Pensions Bill ‘good news for businesses’, says CBI

The Pensions Bill, which will introduce auto-enrolment and bring forward a rise in state pension age, has been described as “good news for businesses” by the Confederation of British Industry (CBI).

Employers will be required to automatically enrol workers into pension schemes from 2012 and the state pension age will rise to 66 for both men and women by 2020, as part of plans to help workers save for their retirement.

Minister for pensions Steve Webb said: “This Bill will radically transform the pensions landscape in this country. Millions of people, who currently have little or nothing put by for their retirement will, from 2012, find themselves enrolled in a workplace pension – setting them on the road to a more secure future.”

The CBI has welcomed the Bill, and many proposals made by the business group to cut the administrative burden on companies will be implemented.

Neil Carberry, CBI head of employment and pensions policy, explained: “Plans to allow firms to automatically enrol people after three months of employment are particularly welcome. This means employers won’t have to enrol short-term workers, who will usually opt out anyway.

“Proposals to introduce a simple way for existing schemes to show they meet the new standards will make the reforms easier for businesses to manage. This makes it more likely they will maintain their existing pensions, which are usually more generous than the new standard.”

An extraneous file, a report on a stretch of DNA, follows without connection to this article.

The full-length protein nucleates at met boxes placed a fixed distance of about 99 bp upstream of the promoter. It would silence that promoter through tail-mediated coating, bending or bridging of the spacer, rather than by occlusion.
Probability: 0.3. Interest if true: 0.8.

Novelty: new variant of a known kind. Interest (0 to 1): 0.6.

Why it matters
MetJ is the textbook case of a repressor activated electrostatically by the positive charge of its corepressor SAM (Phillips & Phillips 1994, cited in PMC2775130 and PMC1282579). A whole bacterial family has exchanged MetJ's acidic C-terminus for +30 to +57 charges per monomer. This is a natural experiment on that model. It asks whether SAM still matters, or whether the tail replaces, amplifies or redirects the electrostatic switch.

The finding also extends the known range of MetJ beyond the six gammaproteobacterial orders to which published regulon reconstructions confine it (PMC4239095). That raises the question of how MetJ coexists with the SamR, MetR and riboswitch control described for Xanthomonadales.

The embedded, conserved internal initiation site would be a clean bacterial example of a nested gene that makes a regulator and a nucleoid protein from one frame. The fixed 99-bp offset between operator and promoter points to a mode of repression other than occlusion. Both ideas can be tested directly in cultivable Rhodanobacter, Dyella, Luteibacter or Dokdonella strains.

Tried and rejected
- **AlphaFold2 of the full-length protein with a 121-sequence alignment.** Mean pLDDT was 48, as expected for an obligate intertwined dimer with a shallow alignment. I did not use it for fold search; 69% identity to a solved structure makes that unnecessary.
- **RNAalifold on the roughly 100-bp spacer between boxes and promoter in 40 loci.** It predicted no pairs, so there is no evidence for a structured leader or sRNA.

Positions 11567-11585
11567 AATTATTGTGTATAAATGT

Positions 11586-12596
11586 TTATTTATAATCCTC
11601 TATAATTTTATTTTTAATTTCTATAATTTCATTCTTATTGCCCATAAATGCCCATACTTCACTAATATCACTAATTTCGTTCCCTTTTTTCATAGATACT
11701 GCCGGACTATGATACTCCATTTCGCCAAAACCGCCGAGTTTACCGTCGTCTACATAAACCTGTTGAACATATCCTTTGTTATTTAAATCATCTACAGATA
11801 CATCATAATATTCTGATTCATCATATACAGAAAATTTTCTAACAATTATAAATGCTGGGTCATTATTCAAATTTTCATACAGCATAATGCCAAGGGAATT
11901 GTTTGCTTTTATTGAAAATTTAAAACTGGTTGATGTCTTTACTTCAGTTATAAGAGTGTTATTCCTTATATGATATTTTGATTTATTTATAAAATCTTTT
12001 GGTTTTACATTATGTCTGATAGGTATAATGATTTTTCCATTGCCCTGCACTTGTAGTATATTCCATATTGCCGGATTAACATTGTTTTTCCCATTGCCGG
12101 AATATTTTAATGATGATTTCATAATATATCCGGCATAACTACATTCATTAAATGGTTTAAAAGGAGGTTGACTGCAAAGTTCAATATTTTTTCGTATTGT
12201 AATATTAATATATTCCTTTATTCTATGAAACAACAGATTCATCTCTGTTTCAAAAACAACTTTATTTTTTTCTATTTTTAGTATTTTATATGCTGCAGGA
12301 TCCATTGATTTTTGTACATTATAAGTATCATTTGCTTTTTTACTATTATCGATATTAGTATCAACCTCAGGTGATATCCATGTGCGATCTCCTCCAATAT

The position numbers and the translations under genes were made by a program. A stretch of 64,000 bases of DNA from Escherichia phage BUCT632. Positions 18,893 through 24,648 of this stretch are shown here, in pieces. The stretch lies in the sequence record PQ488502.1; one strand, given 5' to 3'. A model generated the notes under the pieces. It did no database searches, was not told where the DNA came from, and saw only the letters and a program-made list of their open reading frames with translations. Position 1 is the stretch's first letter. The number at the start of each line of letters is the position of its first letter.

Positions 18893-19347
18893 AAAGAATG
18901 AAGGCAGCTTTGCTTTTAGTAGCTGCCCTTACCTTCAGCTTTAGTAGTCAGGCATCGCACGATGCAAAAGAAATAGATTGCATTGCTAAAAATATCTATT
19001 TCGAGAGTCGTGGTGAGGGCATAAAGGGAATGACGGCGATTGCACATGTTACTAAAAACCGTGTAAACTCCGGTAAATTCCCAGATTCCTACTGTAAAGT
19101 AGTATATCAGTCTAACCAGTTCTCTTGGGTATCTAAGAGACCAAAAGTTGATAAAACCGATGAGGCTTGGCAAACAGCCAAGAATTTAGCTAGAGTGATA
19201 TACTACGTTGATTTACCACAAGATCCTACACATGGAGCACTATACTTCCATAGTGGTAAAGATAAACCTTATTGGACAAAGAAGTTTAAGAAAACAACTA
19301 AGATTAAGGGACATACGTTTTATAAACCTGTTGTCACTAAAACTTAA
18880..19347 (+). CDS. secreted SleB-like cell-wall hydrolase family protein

However, construction union UCATT is calling on the Government to rethink policies on increasing the state pension age, following research from Oxford University’s Institute of Ageing, which recommended the introduction of a flexible retirement age due to huge differences in life expectancy depending on income, lifestyle and location.

Alan Ritchie, general secretary of UCATT, said: “The ‘one-size-fits-all’ policy on retirement age is patently unfair to workers in physically demanding manual jobs such as construction. Already most construction workers are forced to retire early due to injury or ill health. By increasing the retirement age, construction workers are being made to work until they drop or forced into poverty when they are too sick to continue to work.

“The introduction of a flexible retirement age would help to ensure that all workers and not just the wealthy can enjoy a healthy, well deserved retirement.”

For more information read the XpertHR reference manual on pension legislation.

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